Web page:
Cameron has done high-profile photo-ops with Bahraini royalty, but has stayed silent on human rights. Photo: Getty
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Arms sales can never be apolitical acts: the UK should not sell to Bahrain

There are few regimes as authoritarian as the one in Bahrain, and even fewer that enjoy such a level of support from the UK.

The prominent and brave human rights campaigner Maryam Al-Khawaja is the most recent victim of the Bahraini regime, having been detained while visiting her father Abdulhadi al-Khawaja who has been imprisoned since 2011 for his activism.

This is only the latest example of the intensifying crackdown being waged by the Bahraini regime against pro-democracy protesters and critics. Over the last few years there have also been attacks on journalists, artists and opposition parties.

Earlier this month, it was announced that there were 600 detainees on hunger strike in opposition to government torture. A statement released by the prisoners has accused the authorities of a long list of abuses; including beatings, insults, torture, solitary confinement, and forcing them to stand for long hours.

Official reconciliation talks in Bahrain fell apart in the new year after three years of political deadlock. The breakdown of dialogue was symptomatic of wider problems with the undemocratic and abusive ways in which the government operates.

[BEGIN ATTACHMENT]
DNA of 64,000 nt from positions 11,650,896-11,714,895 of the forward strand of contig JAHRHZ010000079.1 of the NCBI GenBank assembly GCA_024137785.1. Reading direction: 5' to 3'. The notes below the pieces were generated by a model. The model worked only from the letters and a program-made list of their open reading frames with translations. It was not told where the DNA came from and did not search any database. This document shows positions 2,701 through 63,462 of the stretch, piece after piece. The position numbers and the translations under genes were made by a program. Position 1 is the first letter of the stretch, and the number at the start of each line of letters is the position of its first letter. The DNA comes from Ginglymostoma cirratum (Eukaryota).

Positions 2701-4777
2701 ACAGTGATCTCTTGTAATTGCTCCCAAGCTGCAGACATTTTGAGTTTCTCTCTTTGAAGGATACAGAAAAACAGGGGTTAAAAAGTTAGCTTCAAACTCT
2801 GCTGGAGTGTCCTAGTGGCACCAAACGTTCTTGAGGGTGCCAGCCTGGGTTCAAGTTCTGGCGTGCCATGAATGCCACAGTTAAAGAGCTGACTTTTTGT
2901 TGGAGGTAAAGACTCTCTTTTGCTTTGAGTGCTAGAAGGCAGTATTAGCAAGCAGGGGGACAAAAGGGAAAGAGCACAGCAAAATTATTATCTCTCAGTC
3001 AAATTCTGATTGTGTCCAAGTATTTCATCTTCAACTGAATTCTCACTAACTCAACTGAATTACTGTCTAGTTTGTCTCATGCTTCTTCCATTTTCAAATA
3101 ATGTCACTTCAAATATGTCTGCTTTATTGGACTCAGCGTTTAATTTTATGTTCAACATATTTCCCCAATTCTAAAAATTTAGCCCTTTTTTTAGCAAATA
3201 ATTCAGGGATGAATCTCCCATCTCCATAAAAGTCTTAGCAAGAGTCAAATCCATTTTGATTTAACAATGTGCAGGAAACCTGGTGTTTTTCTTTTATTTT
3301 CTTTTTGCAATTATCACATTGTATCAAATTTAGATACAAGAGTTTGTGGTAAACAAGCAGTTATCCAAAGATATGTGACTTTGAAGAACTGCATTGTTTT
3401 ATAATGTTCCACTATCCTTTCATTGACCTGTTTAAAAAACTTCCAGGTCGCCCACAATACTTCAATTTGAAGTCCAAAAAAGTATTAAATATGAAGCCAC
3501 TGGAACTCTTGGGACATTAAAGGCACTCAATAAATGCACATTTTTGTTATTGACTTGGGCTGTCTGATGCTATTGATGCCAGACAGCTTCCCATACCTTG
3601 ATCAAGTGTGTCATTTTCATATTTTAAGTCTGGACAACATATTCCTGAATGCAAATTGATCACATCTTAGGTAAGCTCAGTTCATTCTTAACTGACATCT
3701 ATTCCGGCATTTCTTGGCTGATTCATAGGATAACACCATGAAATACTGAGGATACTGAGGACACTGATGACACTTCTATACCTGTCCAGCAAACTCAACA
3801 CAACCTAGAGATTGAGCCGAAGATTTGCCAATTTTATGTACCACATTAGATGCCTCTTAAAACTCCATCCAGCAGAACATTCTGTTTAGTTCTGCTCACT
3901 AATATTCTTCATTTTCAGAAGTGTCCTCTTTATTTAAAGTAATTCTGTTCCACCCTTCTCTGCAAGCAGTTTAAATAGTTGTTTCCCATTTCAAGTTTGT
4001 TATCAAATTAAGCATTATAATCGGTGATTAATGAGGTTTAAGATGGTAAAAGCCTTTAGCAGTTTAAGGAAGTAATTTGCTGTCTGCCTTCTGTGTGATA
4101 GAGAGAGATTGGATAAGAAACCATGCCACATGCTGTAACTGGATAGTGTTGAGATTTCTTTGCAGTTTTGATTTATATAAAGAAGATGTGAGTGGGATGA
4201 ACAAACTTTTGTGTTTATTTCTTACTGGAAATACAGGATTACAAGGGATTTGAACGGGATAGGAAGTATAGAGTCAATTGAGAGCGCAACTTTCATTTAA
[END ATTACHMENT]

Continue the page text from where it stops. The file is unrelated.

Shortly after the breakdown, the King strengthened his authority with the introduction of a new law that imposes prison sentences of up to seven years on anyone who publicly insults him.

Research from Human Rights Watch shows that despite the upbeat assessments from the Foreign & Commonwealth Office there has been little in the way of progress on human rights or democracy. The regime has also, rightfully, been condemned by Freedom House, Amnesty International and the Economist Democracy Index, which listed it among the 20 most authoritarian governments in the world.

Unfortunately, it is against this backdrop that the UK has chosen to strengthen its relationship with the regime.

As well as announcing new trading agreements, the Department of Business Innovation and Skills has listed Bahrain as a "priority market" for arms sales and the government has invested a lot of time, money and political capital into its very public support for the Bahraini authorities as it attempts to secure a deal on Eurofighter jets.

Only four months ago, the Bahraini royals descended on the UK as part of a propaganda offensive that saw them rubbing shoulders with the Queen at the Royal Windsor Horse Show and meeting with senior politicians at a specially arranged conference in the heart of Westminster.

This was just one public display of support in what is a mutually fawning relationship. It followed hot on the heels of a state visit from Prince Charles and "GREAT British Week"; a colourful and flamboyant arms fair and garish tribute to all things British that took place in Manama in January and attracted visits from Philip Hammond MP and Prince Andrew.